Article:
> seems that this is (currently?) broken with regards of handling multilines:
> $ git grep -Pzl 'grace period started,\s*then'
Even better. So no, multiline grep isn't really a commonly usable
feature at all.
This is why we prefer to put user-visible strings on one line in C
source code, even if it takes the lines over 80 characters — to allow
for grep to find them.
> > > 2. they easier to edit with the some commonly used text/source
> > > code editors.
> > That is nonsense. Any but the most broken and/or anachronistic
> > environments and editors will be just fine.
> Not really.
> I do use a lot of UTF-8 here, as I type texts in Portuguese, but I rely
> on the US-intl keyboard settings, that allow me to type as "'a" for á.
> However, there's no shortcut for non-Latin UTF-codes, as far as I know.
> So, if would need to type a curly comma on the text editors I normally
> use for development (vim, nano, kate), I would need to cut-and-paste
> it from somewhere.
That's entirely irrelevant. You don't need to be able to *type* every
character that you see in front of you, as long as your editor will
render it correctly and perhaps let you cut/paste it as you're editing
the document if you're moving things around.
>  If I have a table with UTF-8 codes handy, I could type the UTF-8
> number manually... However, it seems that this is currently broken
> at least on Fedora 33 (with Mate Desktop and US intl keyboard with
> dead keys).
> Here, <CTRL><SHIFT>U is not working. No idea why. I haven't
> test it for *years*, as I din't see any reason why I would
> need to type UTF-8 characters by numbers until we started
> this thread.
Please provide the bug number for this; I'd like to track it.
> But even in the best case scenario where I know the UTF-8 and
> <CTRL><SHIFT>U works, if I wanted to use, for instance, a curly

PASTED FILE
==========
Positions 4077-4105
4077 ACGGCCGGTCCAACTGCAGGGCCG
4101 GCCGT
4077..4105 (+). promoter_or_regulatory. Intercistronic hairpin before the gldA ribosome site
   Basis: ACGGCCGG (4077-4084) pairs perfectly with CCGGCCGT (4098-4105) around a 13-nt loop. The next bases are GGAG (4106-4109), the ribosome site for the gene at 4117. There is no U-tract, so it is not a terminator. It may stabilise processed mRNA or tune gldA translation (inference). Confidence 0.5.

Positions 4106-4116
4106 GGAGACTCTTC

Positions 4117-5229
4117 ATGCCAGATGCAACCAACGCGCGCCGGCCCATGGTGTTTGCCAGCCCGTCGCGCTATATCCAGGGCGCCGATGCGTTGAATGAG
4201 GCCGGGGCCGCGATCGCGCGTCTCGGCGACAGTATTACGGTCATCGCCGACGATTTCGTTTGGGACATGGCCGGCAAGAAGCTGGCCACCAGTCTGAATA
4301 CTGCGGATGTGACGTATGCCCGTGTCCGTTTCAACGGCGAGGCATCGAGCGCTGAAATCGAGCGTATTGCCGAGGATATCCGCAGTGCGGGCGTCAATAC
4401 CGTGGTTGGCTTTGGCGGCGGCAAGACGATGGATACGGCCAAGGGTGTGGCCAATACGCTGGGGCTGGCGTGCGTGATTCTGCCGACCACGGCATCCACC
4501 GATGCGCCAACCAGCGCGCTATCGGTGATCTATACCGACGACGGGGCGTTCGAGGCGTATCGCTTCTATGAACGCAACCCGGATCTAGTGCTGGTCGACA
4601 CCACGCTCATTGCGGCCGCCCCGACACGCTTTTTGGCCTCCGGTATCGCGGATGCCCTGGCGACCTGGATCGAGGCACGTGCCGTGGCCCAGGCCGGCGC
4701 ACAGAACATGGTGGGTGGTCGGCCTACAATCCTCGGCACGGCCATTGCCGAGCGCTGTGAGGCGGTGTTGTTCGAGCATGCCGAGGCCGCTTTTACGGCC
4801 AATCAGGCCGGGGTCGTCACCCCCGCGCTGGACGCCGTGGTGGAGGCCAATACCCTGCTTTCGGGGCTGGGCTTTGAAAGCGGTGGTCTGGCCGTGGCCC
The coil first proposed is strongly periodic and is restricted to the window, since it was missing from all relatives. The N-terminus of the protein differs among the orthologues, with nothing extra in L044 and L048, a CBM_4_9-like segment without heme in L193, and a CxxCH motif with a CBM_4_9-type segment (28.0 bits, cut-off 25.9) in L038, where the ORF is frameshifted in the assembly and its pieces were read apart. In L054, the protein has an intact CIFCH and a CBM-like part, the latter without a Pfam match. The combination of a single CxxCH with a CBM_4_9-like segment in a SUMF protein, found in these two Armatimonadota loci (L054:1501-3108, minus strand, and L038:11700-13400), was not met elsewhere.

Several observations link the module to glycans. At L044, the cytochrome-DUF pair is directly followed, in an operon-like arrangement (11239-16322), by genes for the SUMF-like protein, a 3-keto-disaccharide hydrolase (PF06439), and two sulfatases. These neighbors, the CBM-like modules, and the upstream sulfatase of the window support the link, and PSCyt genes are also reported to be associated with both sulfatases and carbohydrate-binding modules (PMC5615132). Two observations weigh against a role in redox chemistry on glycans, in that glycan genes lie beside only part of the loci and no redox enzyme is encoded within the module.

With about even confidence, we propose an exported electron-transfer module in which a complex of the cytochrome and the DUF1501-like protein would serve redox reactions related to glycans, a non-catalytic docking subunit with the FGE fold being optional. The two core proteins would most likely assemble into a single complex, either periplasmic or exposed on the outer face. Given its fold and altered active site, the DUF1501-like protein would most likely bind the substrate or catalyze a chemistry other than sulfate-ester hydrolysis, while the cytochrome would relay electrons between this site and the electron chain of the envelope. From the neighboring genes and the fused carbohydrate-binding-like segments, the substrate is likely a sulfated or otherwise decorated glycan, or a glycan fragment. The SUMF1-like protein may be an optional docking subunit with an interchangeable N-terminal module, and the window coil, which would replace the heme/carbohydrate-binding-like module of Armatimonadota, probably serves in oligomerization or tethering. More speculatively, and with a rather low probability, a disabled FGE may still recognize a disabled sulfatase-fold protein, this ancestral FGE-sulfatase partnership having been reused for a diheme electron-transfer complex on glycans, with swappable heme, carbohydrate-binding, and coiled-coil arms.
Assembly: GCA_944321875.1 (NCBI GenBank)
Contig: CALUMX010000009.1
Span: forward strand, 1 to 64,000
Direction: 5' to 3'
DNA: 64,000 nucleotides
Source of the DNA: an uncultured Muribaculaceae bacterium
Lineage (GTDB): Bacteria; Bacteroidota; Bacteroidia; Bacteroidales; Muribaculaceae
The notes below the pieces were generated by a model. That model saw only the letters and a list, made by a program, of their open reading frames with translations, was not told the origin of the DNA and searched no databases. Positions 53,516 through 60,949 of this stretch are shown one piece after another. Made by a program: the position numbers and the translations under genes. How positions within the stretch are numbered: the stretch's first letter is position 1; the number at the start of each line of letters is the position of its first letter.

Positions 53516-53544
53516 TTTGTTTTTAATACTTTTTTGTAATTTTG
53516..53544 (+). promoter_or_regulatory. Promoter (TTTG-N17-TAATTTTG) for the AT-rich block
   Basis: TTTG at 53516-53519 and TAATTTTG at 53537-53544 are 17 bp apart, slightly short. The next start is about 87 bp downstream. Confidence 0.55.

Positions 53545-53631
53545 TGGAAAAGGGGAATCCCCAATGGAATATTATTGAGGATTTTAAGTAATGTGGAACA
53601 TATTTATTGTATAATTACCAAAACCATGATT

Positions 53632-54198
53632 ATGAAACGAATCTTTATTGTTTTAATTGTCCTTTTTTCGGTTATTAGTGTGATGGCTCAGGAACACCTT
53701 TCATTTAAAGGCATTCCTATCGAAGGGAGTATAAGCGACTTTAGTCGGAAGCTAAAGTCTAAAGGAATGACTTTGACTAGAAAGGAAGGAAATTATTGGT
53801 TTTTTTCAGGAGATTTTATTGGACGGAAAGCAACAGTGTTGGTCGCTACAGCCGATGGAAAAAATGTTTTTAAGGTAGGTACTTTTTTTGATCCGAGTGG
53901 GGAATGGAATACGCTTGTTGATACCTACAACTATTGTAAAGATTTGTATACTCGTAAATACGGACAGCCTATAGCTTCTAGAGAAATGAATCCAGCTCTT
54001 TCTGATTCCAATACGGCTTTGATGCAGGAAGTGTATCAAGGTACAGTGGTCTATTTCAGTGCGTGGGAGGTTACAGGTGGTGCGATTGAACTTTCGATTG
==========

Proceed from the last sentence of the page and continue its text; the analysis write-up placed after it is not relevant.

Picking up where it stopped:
> comma, the keystroke sequence would be:
> <CTRL><SHIFT>U201csome string<CTRL><SHIFT>U201d
> That's a lot harder than typing and has a higher chances of
> mistakenly add a wrong symbol than just typing:
> "some string"
> Knowing that both will produce *exactly* the same output, why
> should I bother doing it the hard way?
Nobody's asked you to do it the "hard way". That's completely
irrelevant to the discussion we were having.
> Now, I'm not arguing that you can't use whatever UTF-8 symbol you
> want on your docs. I'm just saying that, now that the conversion
> is over and a lot of documents ended getting some UTF-8 characters
> by accident, it is time for a cleanup.
All text documents are *full* of UTF-8 characters. If there is a file
in the source code which has *any* non-UTF8, we call that a 'binary
Again, if you want to make specific fixes like removing non-breaking
spaces and byte order marks, with specific reasons, then those make
sense. But it's got very little to do with UTF-8 and how easy it is to
type them. And the excuse you've put in the commit comment for your
patches is utterly bogus.
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next prev parent reply other threads:[~2021-05-14 9:06 UTC|newest]
Thread overview: 14+ messages / expand[flat|nested] mbox.gz Atom feed top
2021-05-12 12:50 [PATCH v2 00/40] Use ASCII subset instead of UTF-8 alternate symbols Mauro Carvalho Chehab
2021-05-12 12:50 ` [PATCH v2 39/40] docs: virt: kvm: api.rst: " Mauro Carvalho Chehab
2021-05-12 14:14 ` [PATCH v2 00/40] " Theodore Ts'o
2021-05-12 15:17 ` Mauro Carvalho Chehab
2021-05-12 17:12 ` David Woodhouse
2021-05-12 17:07 ` David Woodhouse
2021-05-14 8:21 ` Mauro Carvalho Chehab
2021-05-14 9:06 ` David Woodhouse [this message]
2021-05-14 11:08 ` Edward Cree
2021-05-14 14:18 ` Mauro Carvalho Chehab
2021-05-15 8:22 ` Mauro Carvalho Chehab
2021-05-15 9:24 ` David Woodhouse
2021-05-15 11:23 ` Mauro Carvalho Chehab
2021-05-15 12:02 ` David Woodhouse